Cisco To Partners: Make Security Part Of Every Deal

That has become something of a mantra for Susan Don, worldwide security channels lead at Cisco Systems. She wants the vendor's channel partners to think of security more as an adjective than as a noun.

"We want partners to stop thinking of security as a stovepiped operation. Don't just sell wireless, sell secure wireless. Don't just sell VoIP, sell secure VoIP," Don said in a recent interview with CRN.

Cisco and its partners agree that making security an integral part of every infrastructure component, operating system and application provides the best defense against tomorrow's threats. However, both camps also acknowledge that redefining the way security is positioned and sold is going to require significant investment in training, messaging and personnel.

Cisco is articulating the value of its Self Defending Network vision by enabling more high-level integration between its product lines, adding "hooks" that allow different offerings to work well together, said Don.

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For example, Cisco's threat control and containment solution, unveiled at the RSA conference in San Francisco earlier this year, ties together Cisco's IPS and SSL VPN products with Cisco Security Agent (CSA), Cisco Security Mitigation Analysis and Response System (CS-MARS), and Cisco Security Manager (CSM) to enable administrators to effectively monitor and manage network activity and threats.

Cisco's Secure Wireless Solution, which combines the vendor's WLAN hardware and software with its security offerings, is another step in that direction, Don added.

However, while Cisco has made great progress in developing a security strategy that goes beyond point products, its message isn't always conveyed by the vendor's sales and channel reps, solution providers said.

Pat Grillo, president and CEO of Atrion Communications Resources, a security specialist in Somerville, N.J., said Cisco does "a great job of educating the market," but needs to recognize that its vision doesn't always resonate with hungry sales reps.

"Local sales teams tend to want to move boxes, and if you try to layer security, it slows down the deal. And if it adds a little bit to the cost of a deal, they don't want to hear it," said Grillo.

Another solution provider said the vendor also needs to work on aligning its own internal messaging to ensure that partners understand the benefits of adding a security component to every deal.

"I find that the messaging is still very point-product-oriented, and doesn't really build on a complete end-to-end security strategy," said the source, who asked not to be named.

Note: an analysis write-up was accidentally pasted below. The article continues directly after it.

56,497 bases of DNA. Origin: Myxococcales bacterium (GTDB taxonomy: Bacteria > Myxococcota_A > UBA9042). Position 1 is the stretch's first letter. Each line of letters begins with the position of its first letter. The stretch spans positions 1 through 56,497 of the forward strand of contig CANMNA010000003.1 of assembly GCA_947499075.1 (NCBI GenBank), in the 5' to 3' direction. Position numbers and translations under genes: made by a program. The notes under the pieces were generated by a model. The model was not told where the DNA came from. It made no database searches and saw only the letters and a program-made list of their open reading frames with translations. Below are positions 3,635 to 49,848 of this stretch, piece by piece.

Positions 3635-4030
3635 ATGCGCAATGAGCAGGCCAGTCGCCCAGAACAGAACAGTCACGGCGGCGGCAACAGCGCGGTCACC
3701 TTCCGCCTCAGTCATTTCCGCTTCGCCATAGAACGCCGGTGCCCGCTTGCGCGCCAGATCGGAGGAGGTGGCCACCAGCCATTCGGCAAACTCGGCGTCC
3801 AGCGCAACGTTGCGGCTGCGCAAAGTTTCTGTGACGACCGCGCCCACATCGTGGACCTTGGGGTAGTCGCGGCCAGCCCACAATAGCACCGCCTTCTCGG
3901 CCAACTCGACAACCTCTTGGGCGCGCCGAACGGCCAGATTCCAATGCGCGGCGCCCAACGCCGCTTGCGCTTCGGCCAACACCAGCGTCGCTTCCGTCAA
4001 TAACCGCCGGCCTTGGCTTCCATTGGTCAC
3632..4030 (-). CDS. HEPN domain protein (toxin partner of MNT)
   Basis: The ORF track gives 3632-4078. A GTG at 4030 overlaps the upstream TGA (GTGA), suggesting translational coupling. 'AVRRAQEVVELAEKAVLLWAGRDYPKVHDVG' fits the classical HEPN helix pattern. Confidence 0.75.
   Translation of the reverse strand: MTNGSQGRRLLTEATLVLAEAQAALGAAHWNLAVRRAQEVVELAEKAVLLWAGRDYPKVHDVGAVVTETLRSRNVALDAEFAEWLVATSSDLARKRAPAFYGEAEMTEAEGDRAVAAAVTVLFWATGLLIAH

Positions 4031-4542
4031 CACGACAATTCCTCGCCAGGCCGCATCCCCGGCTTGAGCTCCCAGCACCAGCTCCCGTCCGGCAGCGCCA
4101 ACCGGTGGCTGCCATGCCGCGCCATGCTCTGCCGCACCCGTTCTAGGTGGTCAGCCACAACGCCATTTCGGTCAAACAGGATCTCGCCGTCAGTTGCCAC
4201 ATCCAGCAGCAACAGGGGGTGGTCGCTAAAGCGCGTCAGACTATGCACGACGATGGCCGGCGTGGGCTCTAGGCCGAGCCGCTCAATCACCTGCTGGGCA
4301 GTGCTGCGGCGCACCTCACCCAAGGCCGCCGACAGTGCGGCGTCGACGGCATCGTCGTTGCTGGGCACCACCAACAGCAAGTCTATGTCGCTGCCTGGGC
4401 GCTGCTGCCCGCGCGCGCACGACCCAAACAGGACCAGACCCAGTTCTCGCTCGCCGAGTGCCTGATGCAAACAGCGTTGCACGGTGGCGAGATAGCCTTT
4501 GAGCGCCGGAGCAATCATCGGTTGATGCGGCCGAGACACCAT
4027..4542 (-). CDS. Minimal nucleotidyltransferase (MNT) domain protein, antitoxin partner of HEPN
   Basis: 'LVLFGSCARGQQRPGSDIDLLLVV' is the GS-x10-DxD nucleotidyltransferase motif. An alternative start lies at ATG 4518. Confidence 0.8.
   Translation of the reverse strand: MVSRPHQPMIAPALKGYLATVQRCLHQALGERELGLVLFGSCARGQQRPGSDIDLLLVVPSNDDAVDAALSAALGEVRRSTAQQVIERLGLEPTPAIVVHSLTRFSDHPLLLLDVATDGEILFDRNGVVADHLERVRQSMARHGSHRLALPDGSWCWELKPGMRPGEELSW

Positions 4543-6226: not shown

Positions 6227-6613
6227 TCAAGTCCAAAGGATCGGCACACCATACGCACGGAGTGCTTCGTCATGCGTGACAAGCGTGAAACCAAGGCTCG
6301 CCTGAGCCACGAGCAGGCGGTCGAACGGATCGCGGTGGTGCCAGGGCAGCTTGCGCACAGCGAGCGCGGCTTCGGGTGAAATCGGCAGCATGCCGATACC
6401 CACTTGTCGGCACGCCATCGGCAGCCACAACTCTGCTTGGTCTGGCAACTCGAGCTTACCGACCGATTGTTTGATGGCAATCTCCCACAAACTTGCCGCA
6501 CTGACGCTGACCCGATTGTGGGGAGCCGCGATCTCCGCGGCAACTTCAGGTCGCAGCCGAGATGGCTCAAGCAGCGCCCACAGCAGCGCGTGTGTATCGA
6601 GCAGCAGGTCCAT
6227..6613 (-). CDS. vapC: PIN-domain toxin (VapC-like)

A lingering point-product focus also detracts from Cisco's training efforts, which don't concentrate enough on security guidelines and compliance issues that many clients face, said another channel partner, who requested anonymity.

Cisco could help by providing partners with access to demo equipment at no cost and making a Cisco lead available to assist them in building a lab and security practice, said the source. "If Cisco were better equipped to train partners, many of the issues that partners face would diminish," the source said.

Don acknowledged that Cisco's approach to training will have to change to allow partners to see the value of a solutions-oriented strategy. "The curriculum for authorized training partners is going to need to evolve so that partners have the ability to demo multiple products as a solution, and we're working to do that," said Don.

Cisco will build different labs as part of this evolution, and authorized training partners will have to adjust their environments as well, Don added.

The changes could be more difficult for the channel, where many networking solution providers still regard security as a point solution, and many security VARs look at networking and unified communication as technologies in the same way, said Tim Hebert, president and CEO of solution provider Atrion Networking, Warwick, R.I.

"Solution providers should take responsibility for building a strong security practice that is holistic in nature and not focused on selling point products," said Hebert, adding that this could be a Cisco or best of breed solution.

The channel will also need to make investments in the right type of personnel to be completely effective with Cisco's security strategy, according to Hebert. "The same people who install some of these point product security solutions may not able to provide higher end security consulting and integration solutions," he said.

Solution providers that embrace this approach will be able to create additional revenue streams, both one-time and recurring, said Hebert. These could come from security assessment services, partnerships with security consultants to round out their product offerings, or managed security solution and maintenance programs, he added.

The human factor represents the biggest challenge to Cisco and its partners, both of which will have to think about how they're going to do business differently, said Don.

For example, sales teams should be working cross-functionally to allow security to be woven into deals and not be sold as its own isolated technology, she said.

"There has to be a change about how we work together to pull this off, with a more collaborative work environment to complement the technology," said Don.